Recovering Black Women in the Archive

My name is Monet Timmons and I am a first-year PhD English student at the University of Delaware. My research interests include 19th- and 20th-century African American literature and historical memory. More specifically, I focus on Black women in the archive, investigating their erasure while simultaneously using an ethics of care to honor the fragments of their lives and voices.

My identity as a Black woman is what brings me to my current research. Recovering  and honoring the lives of Black women lost in the archive aligns with my personal journey to understand myself. Currently I am expanding two projects from the first semester of my program. Utilizing the special collections at the University of Delaware, I perused the papers of Alice Dunbar-Nelson, a late 19th/early 20th-century Creole Black woman activist, writer, teacher, and poet. Before entering the archive, my main objective was to highlight Dunbar-Nelson’s life and work outside of her marriage to Paul Laurence Dunbar. In doing so, I found Dunbar-Nelson was doing this same work when she wrote about her close friend, colleague, and romantic partner, Edwina Kruse, in the unpublished manuscript titled This Lofty Oak. After migrating from Puerto Rico in the late 19th century, Kruse became principal of Howard High School in Wilmington, Delaware in 1881, the only school for children of color in the state. In this research I think about what it means for a Black woman to honor the life and legacy of another Black woman through literature. I also think about the complexities of Black women’s relationships, whether these relationships are romantic, working, or both, and how these Black women educators’ relationships serve Black communities. Lastly, I consider This Lofty Oak as an archive; although unpublished and fictional, we understand Kruse’s career and impact.

The other project I am working on brings me back to my alma mater, Emory University, to a site inhabited by an enslaved Black woman, Kitty’s Cottage. Kitty’s Cottage was “gifted” to Catherine “Miss Kitty” Boyd by her enslaver, Bishop James Osgood Andrew, the first president of the board of trustees at Emory University. Due to pressure from the Methodist Episcopal Church in 1844, Bishop Andrew had to free his enslaved laborers. Bishop Andrew interviewed Catherine offering her freedom in Liberia or the option to remain in Georgia to continue to serve the Andrew family; Catherine “chose” to remain in Georgia. One of my findings for this project includes the movement of the Kitty’s Cottage to a white nationalist site, Salem Campground, in 1939 where it served as a Confederate site of memory until 1993. I am interested in how the white collective memory continues to portray Catherine as a loyal Black woman in pursuit of preserving white supremacist culture and ideology. Moreover, the lack of conversation about the site at Emory today reveals the need to address this history in order to understand our national dialogue of race and memory.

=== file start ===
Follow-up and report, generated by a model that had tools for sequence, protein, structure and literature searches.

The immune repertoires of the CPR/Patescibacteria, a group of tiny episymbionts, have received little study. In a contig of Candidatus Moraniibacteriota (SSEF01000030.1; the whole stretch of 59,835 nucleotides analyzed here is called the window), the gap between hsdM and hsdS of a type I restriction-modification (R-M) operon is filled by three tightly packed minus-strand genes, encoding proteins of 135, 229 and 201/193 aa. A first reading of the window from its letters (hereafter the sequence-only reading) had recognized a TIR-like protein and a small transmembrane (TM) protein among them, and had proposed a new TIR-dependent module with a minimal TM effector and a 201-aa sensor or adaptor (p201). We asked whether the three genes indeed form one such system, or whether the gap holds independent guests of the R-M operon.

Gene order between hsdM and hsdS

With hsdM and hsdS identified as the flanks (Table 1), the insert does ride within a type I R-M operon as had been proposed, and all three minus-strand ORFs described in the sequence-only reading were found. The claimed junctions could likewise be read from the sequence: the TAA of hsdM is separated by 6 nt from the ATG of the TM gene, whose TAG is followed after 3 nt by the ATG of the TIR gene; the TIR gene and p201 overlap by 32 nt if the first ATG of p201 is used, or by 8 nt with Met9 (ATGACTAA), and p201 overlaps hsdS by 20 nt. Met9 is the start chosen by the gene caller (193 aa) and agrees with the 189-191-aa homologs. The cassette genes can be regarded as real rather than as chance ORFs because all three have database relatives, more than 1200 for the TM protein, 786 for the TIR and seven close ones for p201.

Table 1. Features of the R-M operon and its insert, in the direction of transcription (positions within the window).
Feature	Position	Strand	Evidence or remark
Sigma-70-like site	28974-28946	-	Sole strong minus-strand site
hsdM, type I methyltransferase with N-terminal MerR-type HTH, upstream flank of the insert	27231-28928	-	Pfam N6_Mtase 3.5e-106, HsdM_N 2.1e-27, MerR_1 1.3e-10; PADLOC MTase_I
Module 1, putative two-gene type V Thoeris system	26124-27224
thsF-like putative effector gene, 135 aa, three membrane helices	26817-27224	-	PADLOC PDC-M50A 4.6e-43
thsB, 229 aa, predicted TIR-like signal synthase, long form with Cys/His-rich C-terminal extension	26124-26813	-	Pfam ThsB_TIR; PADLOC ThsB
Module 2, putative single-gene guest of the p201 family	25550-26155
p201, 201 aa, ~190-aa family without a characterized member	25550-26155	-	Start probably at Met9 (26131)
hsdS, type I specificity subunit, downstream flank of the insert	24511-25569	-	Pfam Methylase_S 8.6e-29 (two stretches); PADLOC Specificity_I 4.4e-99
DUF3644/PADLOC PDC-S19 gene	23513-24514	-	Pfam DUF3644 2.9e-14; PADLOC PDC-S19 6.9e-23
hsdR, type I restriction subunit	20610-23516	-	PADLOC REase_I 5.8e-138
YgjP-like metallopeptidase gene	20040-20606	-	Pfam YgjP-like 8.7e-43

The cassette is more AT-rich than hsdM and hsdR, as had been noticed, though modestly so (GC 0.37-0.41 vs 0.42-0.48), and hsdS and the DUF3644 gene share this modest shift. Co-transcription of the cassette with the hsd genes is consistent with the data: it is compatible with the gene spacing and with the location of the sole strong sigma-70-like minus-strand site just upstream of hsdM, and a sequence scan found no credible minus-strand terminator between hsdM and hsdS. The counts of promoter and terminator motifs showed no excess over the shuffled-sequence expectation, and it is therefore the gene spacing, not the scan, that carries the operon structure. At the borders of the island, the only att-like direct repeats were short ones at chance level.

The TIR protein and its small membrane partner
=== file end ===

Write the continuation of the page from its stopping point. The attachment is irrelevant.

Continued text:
Through both of these projects, I aim to create a public dialogue that reframes how we remember Black women. One of my largest concerns with these projects is remembering to uncover and highlight these stories with care and not perpetuate their erasure or the white supremacist culture that has contained them for so long. I am excited for what this work means for us currently, and what this work means for other Black women in and outside of academia.